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Dispatches: Qatar’s Labor Reforms Fall Short
February 11, 2014

The Qatar Supreme Committee, the body charged with delivering the Gulf state’s 2022 World Cup, this morning released its Workers’ Welfare Standards. In this detailed 50-page document, the committee outlines how it intends to ensure the basic rights of foreign migrant workers involved in select projects related to the construction of stadiums and associated infrastructure. (Another quasi-governmental body, the Qatar Foundation, released a similar set of standards in April 2013.)

These are creditable efforts to raise standards, but they do not go nearly far enough in a country with such a dismal record on workers’ rights.

If the Supreme Committee can enforce its regulations – and it’s a big “if” –  they would provide workers on projects under their purview with living and working conditions significantly better than those recently documented by Human Rights Watch, the Guardian newspaper and Amnesty International. The codes would eradicate illegal recruitment fees, require companies to provide decent housing, and ensure workers keep hold of their passports. It would be churlish not to recognize this as a small step in the right direction.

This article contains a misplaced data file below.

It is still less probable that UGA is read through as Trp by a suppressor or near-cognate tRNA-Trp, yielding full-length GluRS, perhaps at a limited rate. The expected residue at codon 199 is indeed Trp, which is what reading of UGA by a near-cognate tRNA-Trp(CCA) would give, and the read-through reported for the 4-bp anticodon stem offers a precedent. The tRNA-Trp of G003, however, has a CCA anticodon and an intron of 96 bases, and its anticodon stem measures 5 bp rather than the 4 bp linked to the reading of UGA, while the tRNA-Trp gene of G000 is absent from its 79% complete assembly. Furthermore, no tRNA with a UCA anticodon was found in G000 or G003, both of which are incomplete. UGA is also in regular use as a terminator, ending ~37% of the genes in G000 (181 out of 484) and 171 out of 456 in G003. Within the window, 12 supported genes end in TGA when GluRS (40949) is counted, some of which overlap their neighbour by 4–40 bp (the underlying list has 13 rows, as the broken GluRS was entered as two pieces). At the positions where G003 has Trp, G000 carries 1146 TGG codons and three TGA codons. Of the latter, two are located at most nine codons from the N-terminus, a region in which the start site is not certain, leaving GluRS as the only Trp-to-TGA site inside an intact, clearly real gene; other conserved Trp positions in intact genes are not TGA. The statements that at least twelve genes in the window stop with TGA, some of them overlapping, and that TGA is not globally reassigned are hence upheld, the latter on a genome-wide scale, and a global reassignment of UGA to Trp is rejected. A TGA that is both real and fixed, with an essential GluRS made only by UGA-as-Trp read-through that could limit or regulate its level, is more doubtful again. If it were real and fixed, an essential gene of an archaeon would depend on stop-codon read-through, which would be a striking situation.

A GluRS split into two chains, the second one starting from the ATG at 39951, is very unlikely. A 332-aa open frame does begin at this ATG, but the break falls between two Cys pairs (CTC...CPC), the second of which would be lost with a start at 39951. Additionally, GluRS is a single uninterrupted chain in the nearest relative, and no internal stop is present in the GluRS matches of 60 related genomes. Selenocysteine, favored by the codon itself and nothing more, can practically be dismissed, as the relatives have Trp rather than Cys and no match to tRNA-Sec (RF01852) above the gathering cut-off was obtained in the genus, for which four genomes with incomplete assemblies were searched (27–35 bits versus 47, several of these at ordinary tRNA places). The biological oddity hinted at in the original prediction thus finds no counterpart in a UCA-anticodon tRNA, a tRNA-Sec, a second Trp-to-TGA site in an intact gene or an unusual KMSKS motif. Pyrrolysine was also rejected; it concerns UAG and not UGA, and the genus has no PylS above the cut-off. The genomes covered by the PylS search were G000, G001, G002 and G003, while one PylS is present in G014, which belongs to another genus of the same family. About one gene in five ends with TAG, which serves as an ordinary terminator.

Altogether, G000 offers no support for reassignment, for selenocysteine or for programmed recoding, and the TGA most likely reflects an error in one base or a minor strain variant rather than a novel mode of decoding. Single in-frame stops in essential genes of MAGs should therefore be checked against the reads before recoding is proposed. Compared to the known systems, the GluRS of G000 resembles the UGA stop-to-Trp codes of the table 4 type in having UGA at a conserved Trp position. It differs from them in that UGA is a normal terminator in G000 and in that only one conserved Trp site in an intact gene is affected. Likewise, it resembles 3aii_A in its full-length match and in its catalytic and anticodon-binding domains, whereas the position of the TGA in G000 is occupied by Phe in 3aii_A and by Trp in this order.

But it would be credulous to regard this as a long-term solution to very serious problems in Qatar and the rest of the Gulf. The new standards don’t ensure a worker’s rights to change employers, leave the country, or bargain collectively for better pay and conditions. And the standards will impact only a small fraction of migrant workers in Qatar, excluding even some of those serving the World Cup, such as the construction workers building the hotels where fans will stay, or the taxi drivers who will shuttle tourists around the capital, Doha. The standards don’t alter the fact that, more than three years after Qatar won the bid to host the 2022 World Cup, Qatar’s legal and regulatory framework still facilitates the trafficking and forced labor of migrant workers.

Qatar’s labor system needs a major overhaul, not a minor makeover. Reform should be led by the relevant government authorities, not the World Cup delivery committee, and it should address all migrant workers in the country, not just those who will build futuristic stadiums.